The mid-to late-60s were a time of change for Elvis. While he continued to release hit songs and movies, this is also the time period when Elvis married Priscilla and Lisa Marie was born. The Elvis Christmas special aired in 1968, his first ever TV special and a turning point in his career. Elvis also wins his first Grammy award and performs a long series of shows in Las Vegas to rave reviews.
MGM extends Elvis’ contract for four more movies. Plans are made to add onto the house what is now known as the trophy room to accommodate Elvis’ slot-car tracks. On January 22, 1966, Elvis and Priscilla, along with their friends, build a huge snowman on the front lawn.
February - April 1966
Elvis records the soundtrack music and shoots his 22nd motion picture, “Spinout,” co-starring Shelley Fabares. Elvis has a renewed interest in music which prompts him to buy a great deal of new equipment and spend his free time working on music at home with Red and Charlie. He is especially interested in folk music. Elvis has also purchased a Greyhound bus that is now being customized by George Barris.
March 30, 1966
“Frankie and Johnny” opens nationally and doesn’t do particularly well. The soundtrack album goes to #20.
May 25, 1966
Elvis meets his new record producer Felton Jarvis and begins working on what will become the album “How Great Thou Art.” Also during this session, he is especially enthusiastic about working with one of his mentors Jake Hess and his group The Imperials.
June - September 1966
Elvis does soundtrack recording and shooting for “Double Trouble.”
July 6, 1966
“Paradise, Hawaiian Style” is released. It lands at #40 for the year. The soundtrack album peaks at #15, while the single "Love Letter" makes it to #19 on the charts.
July 12, 1966
Colonel Parker turns down a Japanese movie deal saying that Elvis is booked through 1969.
August 30, 1966
Deciding not to wait until the end of 1967, RCA goes ahead and picks up its option to extend Elvis’ contract until 1974.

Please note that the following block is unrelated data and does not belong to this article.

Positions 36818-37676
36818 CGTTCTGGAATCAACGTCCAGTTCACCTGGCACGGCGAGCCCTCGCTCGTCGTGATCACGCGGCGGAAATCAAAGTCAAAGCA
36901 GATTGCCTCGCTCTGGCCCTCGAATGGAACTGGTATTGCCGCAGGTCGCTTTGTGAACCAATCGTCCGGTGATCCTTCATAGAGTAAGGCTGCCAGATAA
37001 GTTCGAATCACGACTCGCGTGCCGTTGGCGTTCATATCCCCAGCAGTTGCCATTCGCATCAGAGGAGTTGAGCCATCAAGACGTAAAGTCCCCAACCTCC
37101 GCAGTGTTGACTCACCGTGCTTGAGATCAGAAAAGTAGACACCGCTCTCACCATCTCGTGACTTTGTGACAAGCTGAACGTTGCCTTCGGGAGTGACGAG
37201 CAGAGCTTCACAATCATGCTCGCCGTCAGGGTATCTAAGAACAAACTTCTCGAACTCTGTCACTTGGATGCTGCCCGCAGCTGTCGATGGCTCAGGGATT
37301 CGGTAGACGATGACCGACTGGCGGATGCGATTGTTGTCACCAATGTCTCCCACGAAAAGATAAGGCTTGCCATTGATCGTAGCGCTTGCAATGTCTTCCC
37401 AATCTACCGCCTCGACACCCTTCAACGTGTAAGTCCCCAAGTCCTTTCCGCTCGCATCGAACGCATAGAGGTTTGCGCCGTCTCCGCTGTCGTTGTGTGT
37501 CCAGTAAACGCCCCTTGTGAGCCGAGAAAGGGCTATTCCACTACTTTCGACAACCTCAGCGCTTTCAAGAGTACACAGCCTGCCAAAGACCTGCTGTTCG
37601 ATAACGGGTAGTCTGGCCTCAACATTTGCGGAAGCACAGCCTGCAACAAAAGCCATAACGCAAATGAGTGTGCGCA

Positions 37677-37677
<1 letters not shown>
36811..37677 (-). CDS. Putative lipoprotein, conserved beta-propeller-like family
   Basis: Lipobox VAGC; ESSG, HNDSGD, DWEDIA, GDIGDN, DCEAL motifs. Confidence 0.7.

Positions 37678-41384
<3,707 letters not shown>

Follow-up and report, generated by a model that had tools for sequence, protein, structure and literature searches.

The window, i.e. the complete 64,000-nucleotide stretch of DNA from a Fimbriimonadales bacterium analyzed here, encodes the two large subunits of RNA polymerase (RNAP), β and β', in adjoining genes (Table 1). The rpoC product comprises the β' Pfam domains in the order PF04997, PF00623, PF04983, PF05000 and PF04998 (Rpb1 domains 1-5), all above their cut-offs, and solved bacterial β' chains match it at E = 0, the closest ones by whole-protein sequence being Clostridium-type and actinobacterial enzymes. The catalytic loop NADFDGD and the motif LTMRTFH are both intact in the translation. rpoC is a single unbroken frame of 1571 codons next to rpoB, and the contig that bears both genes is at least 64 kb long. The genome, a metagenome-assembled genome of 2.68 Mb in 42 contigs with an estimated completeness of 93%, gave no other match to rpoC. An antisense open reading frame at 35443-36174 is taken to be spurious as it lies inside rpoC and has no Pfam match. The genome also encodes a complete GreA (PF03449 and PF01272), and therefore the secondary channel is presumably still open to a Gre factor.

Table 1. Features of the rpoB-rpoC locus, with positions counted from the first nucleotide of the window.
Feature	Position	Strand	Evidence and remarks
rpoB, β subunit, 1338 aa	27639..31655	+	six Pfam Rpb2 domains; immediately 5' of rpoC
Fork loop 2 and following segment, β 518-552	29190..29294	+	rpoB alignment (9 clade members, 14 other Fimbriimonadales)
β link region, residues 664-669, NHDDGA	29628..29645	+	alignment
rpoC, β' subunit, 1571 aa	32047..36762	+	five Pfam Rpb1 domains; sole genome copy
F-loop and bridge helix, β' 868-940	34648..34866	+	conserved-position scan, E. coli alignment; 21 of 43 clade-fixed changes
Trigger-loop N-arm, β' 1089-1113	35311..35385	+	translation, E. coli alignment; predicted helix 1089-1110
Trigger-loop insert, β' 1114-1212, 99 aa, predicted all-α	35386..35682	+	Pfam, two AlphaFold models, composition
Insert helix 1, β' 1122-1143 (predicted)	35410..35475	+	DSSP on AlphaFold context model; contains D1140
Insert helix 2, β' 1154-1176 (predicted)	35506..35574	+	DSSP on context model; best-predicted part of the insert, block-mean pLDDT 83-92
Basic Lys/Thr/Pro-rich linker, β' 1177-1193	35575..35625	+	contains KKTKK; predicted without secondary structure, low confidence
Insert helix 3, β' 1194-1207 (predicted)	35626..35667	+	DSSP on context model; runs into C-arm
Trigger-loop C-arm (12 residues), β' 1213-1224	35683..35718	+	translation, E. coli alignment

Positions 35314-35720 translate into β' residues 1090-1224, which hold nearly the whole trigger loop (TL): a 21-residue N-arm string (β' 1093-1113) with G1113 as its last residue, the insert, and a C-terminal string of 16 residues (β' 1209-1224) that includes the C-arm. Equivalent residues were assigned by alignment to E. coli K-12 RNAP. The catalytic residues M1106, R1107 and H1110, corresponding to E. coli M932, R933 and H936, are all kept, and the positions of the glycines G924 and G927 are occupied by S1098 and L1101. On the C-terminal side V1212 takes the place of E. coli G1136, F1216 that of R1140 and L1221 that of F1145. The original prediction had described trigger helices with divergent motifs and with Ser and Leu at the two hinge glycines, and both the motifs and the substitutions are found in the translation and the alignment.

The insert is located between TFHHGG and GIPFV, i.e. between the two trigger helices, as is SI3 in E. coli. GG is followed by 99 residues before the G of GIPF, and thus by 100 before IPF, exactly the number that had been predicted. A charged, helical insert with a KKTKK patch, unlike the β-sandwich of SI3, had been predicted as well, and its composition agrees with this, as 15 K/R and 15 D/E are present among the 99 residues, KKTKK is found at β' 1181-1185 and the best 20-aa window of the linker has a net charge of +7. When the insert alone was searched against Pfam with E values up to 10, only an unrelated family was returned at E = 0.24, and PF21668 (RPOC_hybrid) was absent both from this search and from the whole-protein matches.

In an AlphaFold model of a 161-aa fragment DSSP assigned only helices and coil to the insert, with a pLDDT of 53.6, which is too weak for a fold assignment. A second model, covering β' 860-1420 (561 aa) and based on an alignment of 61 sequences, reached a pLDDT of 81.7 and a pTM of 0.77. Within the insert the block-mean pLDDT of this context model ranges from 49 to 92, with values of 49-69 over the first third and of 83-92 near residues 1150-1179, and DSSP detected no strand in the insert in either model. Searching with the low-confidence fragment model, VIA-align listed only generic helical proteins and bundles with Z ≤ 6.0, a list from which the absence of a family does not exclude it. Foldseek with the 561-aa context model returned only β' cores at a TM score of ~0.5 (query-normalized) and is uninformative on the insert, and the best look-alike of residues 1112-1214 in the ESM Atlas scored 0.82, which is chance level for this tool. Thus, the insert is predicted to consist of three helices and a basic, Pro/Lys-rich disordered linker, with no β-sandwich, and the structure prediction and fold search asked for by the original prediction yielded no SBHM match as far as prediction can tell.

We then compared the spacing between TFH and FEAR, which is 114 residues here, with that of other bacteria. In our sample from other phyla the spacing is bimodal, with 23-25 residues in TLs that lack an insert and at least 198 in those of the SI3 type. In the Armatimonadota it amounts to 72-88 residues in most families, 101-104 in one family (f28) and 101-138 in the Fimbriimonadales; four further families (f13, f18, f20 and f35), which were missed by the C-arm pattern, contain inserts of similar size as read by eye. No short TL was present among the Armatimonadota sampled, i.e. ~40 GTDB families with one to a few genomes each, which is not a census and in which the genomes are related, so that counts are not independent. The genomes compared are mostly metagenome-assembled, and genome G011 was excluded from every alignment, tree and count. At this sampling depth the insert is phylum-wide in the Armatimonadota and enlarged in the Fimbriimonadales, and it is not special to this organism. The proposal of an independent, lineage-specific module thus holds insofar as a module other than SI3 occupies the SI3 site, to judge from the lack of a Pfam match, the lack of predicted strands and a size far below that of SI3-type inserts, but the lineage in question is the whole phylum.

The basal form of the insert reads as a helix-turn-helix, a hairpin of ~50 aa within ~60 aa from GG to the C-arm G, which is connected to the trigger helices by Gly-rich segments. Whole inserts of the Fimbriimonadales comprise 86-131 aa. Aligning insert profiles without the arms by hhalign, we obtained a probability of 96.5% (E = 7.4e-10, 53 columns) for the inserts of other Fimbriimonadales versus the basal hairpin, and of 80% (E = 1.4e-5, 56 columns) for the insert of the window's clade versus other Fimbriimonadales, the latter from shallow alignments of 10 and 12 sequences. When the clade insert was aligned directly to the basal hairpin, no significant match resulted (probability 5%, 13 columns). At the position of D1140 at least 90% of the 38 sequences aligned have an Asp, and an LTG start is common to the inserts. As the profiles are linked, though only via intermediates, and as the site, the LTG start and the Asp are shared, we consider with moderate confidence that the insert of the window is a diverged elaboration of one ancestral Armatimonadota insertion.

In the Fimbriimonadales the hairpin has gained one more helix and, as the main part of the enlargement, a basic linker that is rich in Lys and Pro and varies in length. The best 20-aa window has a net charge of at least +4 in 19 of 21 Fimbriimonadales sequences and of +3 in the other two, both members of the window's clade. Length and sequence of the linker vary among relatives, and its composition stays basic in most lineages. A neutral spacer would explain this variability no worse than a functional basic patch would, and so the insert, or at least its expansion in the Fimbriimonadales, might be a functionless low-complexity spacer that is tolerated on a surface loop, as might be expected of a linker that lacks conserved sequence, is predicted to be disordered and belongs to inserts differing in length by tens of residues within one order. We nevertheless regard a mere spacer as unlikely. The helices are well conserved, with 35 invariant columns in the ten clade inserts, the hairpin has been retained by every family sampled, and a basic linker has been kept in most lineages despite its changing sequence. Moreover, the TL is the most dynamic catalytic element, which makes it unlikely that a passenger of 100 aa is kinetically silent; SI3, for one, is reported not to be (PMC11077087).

September - November 1966
Elvis does soundtrack recording and filming for “Easy Come, Easy Go.”
September 21, 1966
Elvis signs a lease on a Palm Springs house at 1350 Ladera Circle.
November 23, 1966
“Spinout” opens nationally and is #57 for the year. The soundtrack album goes to #18. Elvis Presley is the 10th highest paid star for the year.
Elvis’ interest in horses becomes serious by December 5 and he purchases riding clothing and equipment. On December 20, he buys Priscilla a horse for Christmas. He also formally proposes marriage just before Christmas, presenting her with a ring.
February 8, 1967
Elvis buys a 163-acre ranch in Mississippi, minutes across the Tennessee state line from Graceland for $437,000. Elvis, his entourage and their wives have become interested in horseback riding after Elvis purchased a horse for Priscilla as a gift. The hobby has outgrown the pasture at Graceland. Over the months to come, Elvis and the gang enjoy spending a lot of time at the Circle G. It becomes a happy diversion for Elvis as his frustration and unhappiness over the state of his career reaches its height.
RCA releases Elvis’ second gospel music album, “How Great Thou Art,” which was recorded in mid-1966. It gets very good reviews and goes on to earn Elvis the Grammy Award for Best Sacred Performance from the National Academy of Recording Arts & Sciences. This is the first of his three Grammy wins.
March 22, 1967
“Easy Come, Easy Go” opens nationally and is #50 for the year.
March – April 1967
Elvis does soundtrack recording and filming for “Clambake.” It is the third of three Elvis movies to co-star Shelley Fabares.
April 5, 1967
“Double Trouble” opens nationally. Although better than some of his recent screen efforts, it is #58 for the year.
April, 12 1967
Ironwork is added to Graceland’s windows and doors.
On May 1, Elvis married Priscilla in a private ceremony amongst a small group of family and friends at the Aladdin Hotel in Las Vegas, just after 11:40 a.m. A press conference and breakfast reception follow. The couple honeymoon for a few days in Palm Springs. Then they return to Memphis.
May 24, 1967
Elvis and Priscilla Presley celebrate her 22nd birthday.
May 29, 1967
Elvis and Priscilla dress in their wedding clothes and have a second wedding reception in the trophy room at Graceland to accommodate family and friends who were not in Las Vegas for the wedding.
June - August 1967
Elvis does soundtrack recording and filming for “Speedway,” co-starring Nancy Sinatra. During the production, news of Priscilla's pregnancy is announced.
September 29, 1967
Memphis Mayor William Ingram and Tennessee Governor Buford Ellington each declare “Elvis Presley Day” in recognition of Elvis' many charitable contributions. Elvis names one of his horses Mare Ingram in the mayor’s honor.
October - November, 1967